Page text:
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06/12/87 the People of the State of v. Glenn Mcewen

June 12, 1987





510 N.E.2d 74, 157 Ill. App. 3d 222, 109 Ill. Dec. 453 1987.IL.805

Appeal from the Circuit Court of Cook County; the Hon. Cornelius J. Houtsma, Jr., Judge, presiding.


JUSTICE MURRAY delivered the opinion of the court. SULLIVAN, P.J., and LORENZ, J., concur.


This is an appeal by defendant Glenn McEwen from a conviction after a jury trial for the offenses of murder and armed robbery. Based on that conviction and jury disagreement on a death penalty recommendation, the trial court imposed a sentence of natural life imprisonment for the murder conviction and a concurrent term of 30 years for the armed robbery conviction.

The facts disclose that on November 19, 1983, at about 1:30 a.m., the victim, Theodore Everett, purchased a package of cigarettes at a gas station on 159th Street in Harvey, Illinois. Defendant, holding a gun under his jacket, approached Everett, pointed the gun at him and said, "Give me your money." Everett gave $50 to defendant, whereupon defendant fatally shot Everett in the back. There were no witnesses to the shooting. The case was tried with the State seeking the death penalty.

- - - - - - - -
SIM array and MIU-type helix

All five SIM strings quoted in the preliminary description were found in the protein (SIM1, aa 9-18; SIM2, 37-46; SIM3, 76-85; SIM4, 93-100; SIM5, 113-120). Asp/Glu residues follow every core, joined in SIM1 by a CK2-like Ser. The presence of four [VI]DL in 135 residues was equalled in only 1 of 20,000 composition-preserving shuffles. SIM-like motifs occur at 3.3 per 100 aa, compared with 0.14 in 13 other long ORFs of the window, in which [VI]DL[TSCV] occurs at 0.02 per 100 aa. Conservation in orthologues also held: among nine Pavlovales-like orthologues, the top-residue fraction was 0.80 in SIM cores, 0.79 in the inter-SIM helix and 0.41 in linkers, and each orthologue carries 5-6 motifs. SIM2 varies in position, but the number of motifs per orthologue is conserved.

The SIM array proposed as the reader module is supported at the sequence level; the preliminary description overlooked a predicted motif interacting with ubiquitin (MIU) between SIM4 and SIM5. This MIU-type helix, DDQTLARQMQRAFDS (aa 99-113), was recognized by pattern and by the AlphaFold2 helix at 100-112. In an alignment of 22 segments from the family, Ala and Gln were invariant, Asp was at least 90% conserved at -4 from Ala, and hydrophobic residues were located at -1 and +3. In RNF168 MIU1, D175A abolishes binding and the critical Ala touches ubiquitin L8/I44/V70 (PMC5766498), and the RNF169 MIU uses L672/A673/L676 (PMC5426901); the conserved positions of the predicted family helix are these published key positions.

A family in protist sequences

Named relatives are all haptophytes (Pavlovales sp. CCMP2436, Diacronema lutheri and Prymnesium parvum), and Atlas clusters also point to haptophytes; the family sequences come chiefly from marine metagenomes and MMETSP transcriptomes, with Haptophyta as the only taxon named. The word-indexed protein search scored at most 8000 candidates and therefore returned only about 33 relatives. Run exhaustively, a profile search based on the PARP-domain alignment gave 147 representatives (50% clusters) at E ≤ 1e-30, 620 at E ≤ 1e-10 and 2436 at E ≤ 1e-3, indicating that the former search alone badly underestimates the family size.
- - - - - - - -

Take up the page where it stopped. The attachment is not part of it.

On appeal, defendant does not challenge the substantive issues of the crime; rather, he questions the procedures followed resulting in his conviction and the subsequent sentencing. In an original brief filed with this court in December 1985, defendant argues that he was denied a fair trial because of the exclusion for cause of prospective jurors from the guilt phase of the trial based on their expressed death penalty scruples. He also contends that he was deprived of a fair and impartial jury by the trial court's questioning of all prospective jurors as to their views on the death penalty. Defendant additionally asserts in his initial brief that the Illinois sentencing scheme used by the court violates due process and proportionate penalty clauses of the Illinois Constitution.

In a supplemental brief filed in March 1986, defendant contends he was denied effective assistance of counsel because his trial attorneys allegedly implicitly conceded his guilt by advancing no theory of defense. Defendant additionally contends that the trial court erred in sentencing him to natural life imprisonment because there was no proof that the shooting was intentional. Defendant's final claim is that the State's peremptory challenges to exclude the first three black potential jurors requires a Batson hearing. (Batson v. Kentucky (1986), 476 U.S. 79, 90 L. Ed. 2d 69, 106 S. Ct. 1712.) It is not clear whether defendant, during oral argument before this court, abandoned some of his initial contentions. However, in this age of purifying the criminal process by judicially ensuring the fairness of procedures and legislating increasing penalties, this court believes that it must respond to all of defendant's arguments.